Transcript Supplementary textbook
School of Computer Science
• Textbook: An Introduction to Database Systems,
By C. T. Date, 8th edition, Addison Wesley, 2004
• Supplementary textbook: Elmasri and Navathe,
Fundamentals of Database Systems, Fourth
Edition, Addison-Wesley, 2004
• Instructor: Dr. Abdolreza Abhari (ENG264)
• Office hours: Wednesday – Friday: 2:30 PM –
• Topic 1 – An overview of database and DBMS
• Topic 2 – Database System Architecture (Conceptual,
Internal and External schema )
• Topic 3 – Data modeling and ER model
• Topic 4 – Relational Databases
• Topic 5 – Relational Model Query Languages (RA,
• Topic 6 – SQL
• Topic 7 – Database Design
• Topic 8 – Physical Database Organization
• Topic 9 – Other Types of Databases
• Project – 25% (group work, each group with
• Mid-term – 35% (tentatively Oct. 18)
• Final exam – 40%
You cannot pass the course without getting a passing
grade in the project and your mid-term mark +
final exam mark must not be less than 75/2=38%.
There will be no make-up test/exam.
• Lab hours will be used for the project
• Your project consists of several phases.
• As a group, you need to submit a single report
after completing each phase.
• Your report must be submitted to the T.A. during
the lab hours.
• The DBMS will be DB2 running on Unix
Project: Database application
• Suggestion: A university database system.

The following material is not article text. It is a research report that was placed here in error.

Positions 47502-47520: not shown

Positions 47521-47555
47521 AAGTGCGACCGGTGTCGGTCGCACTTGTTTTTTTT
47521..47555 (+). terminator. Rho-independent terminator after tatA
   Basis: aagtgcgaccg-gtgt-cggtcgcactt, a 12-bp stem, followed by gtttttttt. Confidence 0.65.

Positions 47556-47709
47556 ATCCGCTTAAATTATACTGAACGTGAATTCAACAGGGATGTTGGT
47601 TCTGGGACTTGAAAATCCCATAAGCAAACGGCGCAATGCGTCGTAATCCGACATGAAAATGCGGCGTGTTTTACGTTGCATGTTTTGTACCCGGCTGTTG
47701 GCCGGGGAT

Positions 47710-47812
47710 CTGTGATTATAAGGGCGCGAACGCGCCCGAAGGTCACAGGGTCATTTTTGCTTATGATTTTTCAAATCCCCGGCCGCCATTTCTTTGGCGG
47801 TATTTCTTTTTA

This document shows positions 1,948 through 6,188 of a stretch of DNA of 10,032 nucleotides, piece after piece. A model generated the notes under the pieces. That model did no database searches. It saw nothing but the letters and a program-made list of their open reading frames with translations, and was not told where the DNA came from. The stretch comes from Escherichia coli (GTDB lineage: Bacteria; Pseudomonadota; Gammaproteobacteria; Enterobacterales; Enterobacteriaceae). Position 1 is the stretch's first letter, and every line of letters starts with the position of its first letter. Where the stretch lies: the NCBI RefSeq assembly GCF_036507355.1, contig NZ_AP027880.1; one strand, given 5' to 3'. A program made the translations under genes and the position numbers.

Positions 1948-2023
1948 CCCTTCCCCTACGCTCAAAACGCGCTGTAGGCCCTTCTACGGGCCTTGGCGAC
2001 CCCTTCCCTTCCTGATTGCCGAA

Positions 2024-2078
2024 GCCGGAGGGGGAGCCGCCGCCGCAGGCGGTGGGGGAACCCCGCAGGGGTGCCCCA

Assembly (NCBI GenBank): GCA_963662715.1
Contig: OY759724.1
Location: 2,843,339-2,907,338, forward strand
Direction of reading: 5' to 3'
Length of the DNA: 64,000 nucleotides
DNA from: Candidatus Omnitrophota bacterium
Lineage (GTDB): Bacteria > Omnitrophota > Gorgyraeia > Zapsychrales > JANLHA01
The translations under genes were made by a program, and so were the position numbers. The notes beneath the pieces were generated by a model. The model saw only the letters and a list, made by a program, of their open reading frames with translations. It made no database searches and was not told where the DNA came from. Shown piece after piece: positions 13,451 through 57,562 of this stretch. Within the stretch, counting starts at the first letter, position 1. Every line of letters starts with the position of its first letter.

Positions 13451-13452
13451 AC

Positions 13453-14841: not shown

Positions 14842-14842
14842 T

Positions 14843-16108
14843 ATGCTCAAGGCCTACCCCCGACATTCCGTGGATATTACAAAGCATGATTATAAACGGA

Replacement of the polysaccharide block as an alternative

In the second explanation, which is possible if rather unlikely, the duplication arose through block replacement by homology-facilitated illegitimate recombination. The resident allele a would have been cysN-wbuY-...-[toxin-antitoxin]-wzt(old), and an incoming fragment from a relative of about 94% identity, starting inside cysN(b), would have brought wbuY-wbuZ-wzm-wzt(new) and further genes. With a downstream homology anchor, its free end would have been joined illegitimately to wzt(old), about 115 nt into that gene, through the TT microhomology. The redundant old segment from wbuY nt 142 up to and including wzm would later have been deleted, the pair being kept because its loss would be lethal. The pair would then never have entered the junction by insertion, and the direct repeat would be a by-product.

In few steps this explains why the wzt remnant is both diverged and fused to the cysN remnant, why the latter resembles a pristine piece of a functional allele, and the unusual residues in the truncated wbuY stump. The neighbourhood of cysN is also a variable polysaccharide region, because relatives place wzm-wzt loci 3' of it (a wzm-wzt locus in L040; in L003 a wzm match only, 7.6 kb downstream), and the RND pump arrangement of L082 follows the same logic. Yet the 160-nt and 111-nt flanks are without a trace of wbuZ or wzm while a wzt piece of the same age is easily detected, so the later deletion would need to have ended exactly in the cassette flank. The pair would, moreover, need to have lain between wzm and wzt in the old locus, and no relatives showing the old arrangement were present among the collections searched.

• Select an application that involves 5-10 entities
and 5-10 interesting relationships among the
• You should be familiar with the data requirements
of the selected application.
Project: Logical Database Design
• Group formation: Sep. 13 (Inform the lab TA)
• Application selection: Sep. 20th (Finalize the
application in consultation with the lab TA.
Submit a report on description of the application
• ER model: Sep. 27 (4%)
• Schema design: Oct. 11th (Normalization as
discussed in the class 5%)
• End of logical database design
• Midterm: Oct 18 (tentatively)
• Database construction/populating the
database: (Using DB2 and SQL)
• Designing Views/Quarries: (Using DB2 and SQL
and Unix shell programming)
• Testing & validation: Nov 8
• Optimization: Nov 15 (2%)
• Final demonstration of database application.
Nov 22th (There should be brief comments on the
code about any special cases 6%)
• Submission of the Final report: Nov 29 (6%)
• Before the age of database systems, data-intensive
computer systems often involved a maze of
• Question: Why we need database systems?
• Consider an insurance company, for example.
One division might be processing claims, and
there might be many thousands of such claims
every day. Another might be keeping track of
hundreds of thousands of subscriber accounts,
processing premium payments and maintaining
• The actuarial division might be maintaining statistics on
the relative risks of various kinds of subscribers.
• The underwriting division might be developing group
insurance plans and calculating appropriate premium
• The actuaries need access to claim data in order to
calculate their statistics.
• The underwriters need access to subscriber information for
• The claims personnel need access to underwriting data and
subscriber information in order to know who is covered
and how, and so on.
• A large company maintains massive amounts of
data, and its various employees must share that
data, and share it simultaneously.
• In fact, the example illustrates the two key
properties of a database system: Such a system
must allow the enterprise (a) to integrate its data
and (b) to share that integrated data effectively.